Baby Boomers, Listen Up

Clarity, a division of Plantronics, is revolutionizing the way phones work for people with hearing loss

Next year, the first members of the baby boom will turn 60. That might worry policymakers who fret that the U.S. won't be able to afford that generation's Social Security and Medicare benefits. But for Carsten Trads, the graying of the boomers has a silver lining. Trads, a 50-year-old Dane, is the president of Clarity, a Chattanooga (Tenn.)-based division of Plantronics (PLT) that makes telephones for people who are hard of hearing. And as those boomers get older, they're going to be needing Clarity's phones more and more.

"The baby boomers are just about to enter the age where they are going to use our products," says Trads. Speaking the day before the Dec. 3 U.N. International Day of Disabled Persons, he says that the number of people in the U.S. with hearing problems is soaring.

Clarity recently sponsored a Prince Market Research survey showing that 38 million boomers -- about half of all Americans born between 1946 and 1964 -- say they have some kind of hearing loss. "It's a big, big number," says Trads. "That group is going to grow significantly. There's huge growth coming up." A more conservative estimate, from Frost & Sullivan, puts the total at about 30 million.


Clarity is one of several companies specializing in hearing technology that hope to gain from the graying of the baby boom (see BW, 11/14/05, "Listen: The Sound of Hope"). Producers of cochlear implants, devices surgically placed within the inner ear to help people regain their hearing, see opportunities from the boomers, too. Cochlear, the Australian company that's the world's leading producer of the implants, is diversifying into other types of hearing technology to capture more of the booming boomer market (see BW Online, 12/7/05, "Cochlear's Roberts: 'We Have a Unique Opportunity'").

About 1.5 million amplified phones and assistive listening devices (ALDs) are sold in the U.S. each year. Clarity estimates that the market is only about 10% penetrated -- which leaves a lot of room for growth, both now and in the future.

Clarity's innovation is a digital signal-processing (DSP) telephone. DSP hearing aids have been common since the late 1990s, and they've revolutionized the field. Now, Trads says, they're about to do the same for people with hearing aids who need to use the phone. "When you amplify any sound, it's actually very complicated. There are a lot of side effects," he explains. "In the good old days, when you got a hearing aid, you just amplified everything, and that had the tendency to make things worse: You amplified speech, but you also amplified background noise. It was a garbage-in, garbage-out situation."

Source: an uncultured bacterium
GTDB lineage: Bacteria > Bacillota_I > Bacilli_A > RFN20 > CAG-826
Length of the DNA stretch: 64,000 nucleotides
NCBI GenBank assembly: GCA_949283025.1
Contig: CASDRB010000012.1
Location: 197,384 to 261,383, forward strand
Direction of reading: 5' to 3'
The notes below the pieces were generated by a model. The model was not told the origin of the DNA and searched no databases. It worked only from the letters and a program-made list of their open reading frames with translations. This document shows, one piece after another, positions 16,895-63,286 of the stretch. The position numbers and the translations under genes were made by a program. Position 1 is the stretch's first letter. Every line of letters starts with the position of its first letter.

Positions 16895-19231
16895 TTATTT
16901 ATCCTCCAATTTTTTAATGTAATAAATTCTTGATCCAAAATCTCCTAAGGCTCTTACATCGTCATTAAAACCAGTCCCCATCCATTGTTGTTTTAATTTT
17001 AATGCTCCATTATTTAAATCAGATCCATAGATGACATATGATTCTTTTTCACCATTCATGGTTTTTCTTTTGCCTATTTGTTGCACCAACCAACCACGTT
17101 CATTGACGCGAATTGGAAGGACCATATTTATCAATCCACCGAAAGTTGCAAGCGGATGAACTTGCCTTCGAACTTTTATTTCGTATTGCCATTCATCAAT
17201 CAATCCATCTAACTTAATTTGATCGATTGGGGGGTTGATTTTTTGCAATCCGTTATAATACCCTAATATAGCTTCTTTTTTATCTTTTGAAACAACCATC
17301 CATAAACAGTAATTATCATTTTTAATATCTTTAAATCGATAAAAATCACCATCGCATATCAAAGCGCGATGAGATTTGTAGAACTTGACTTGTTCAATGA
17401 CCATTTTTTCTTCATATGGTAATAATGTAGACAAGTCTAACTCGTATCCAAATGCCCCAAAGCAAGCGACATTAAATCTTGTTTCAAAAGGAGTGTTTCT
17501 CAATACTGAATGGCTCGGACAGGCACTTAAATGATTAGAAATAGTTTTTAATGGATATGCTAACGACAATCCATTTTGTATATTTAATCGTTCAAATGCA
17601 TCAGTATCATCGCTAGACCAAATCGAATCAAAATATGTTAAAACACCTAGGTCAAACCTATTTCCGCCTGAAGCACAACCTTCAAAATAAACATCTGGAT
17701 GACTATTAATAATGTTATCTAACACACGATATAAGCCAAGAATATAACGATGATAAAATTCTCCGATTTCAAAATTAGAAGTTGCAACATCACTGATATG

The garbage is particularly bad on the phone. For people with hearing aids, background noise is a real obstacle to using the phone, says Trads. "Phone lines, whether they're cell phones or landlines, tend to have a lot of noise coming with them."

That's where the DSP comes in. What Clarity -- which has an R&D team in Tennessee and does its manufacturing in China -- has done is put a Texas Instruments (TXN) DSP chip in its telephones. That's the same as "build[ing] in a small computer in the phone," Trads says. The computer analyzes the sounds, and "if this computer can figure out this sound has the characteristic that it's noise, it simply takes it out," Trads adds.

But how can the DSP determine what's noise and what's not? "Noise has the tendency to be very stable. If you have something that doesn't vary a lot, it tends to be noise." Take the steady, droning sound of an air conditioner, for instance.


Today, there's nothing revolutionary about DSP technology for hearing aids. According to Trads, about 90% of hearing aids on the market are equipped with DSP chips. But he claims that Clarity is the first to bring DSP to the telephone. Clarity's engineers have been working on the project for three years, and a top priority was to bring down the cost: A DSP hearing aid can easily go for over $1,000. That's largely because DSP chips in hearing aids have to be so small.

Miniaturization isn't as important for a DSP phone, though, so Clarity was able to save money. Trads says that producing in China (in the southern city of Shenzhen, across the border from Hong Kong) also helped. Until the late 1990s, the company did its manufacturing in Tennessee. Clarity is now offering two different DSP phones -- a cordless and a corded model -- for $239 each (MSRP)

Plantronics, based in Santa Cruz, Calif., doesn't break out numbers for its Clarity division. Trads says that most of his revenue comes from the U.S., but with populations in Western Europe rapidly aging, too, he's looking to expand across the Atlantic. Throughout the aging countries of the developed world, there's no shortage of people with hearing loss who are eager to take advantage of what the latest technology has to offer.

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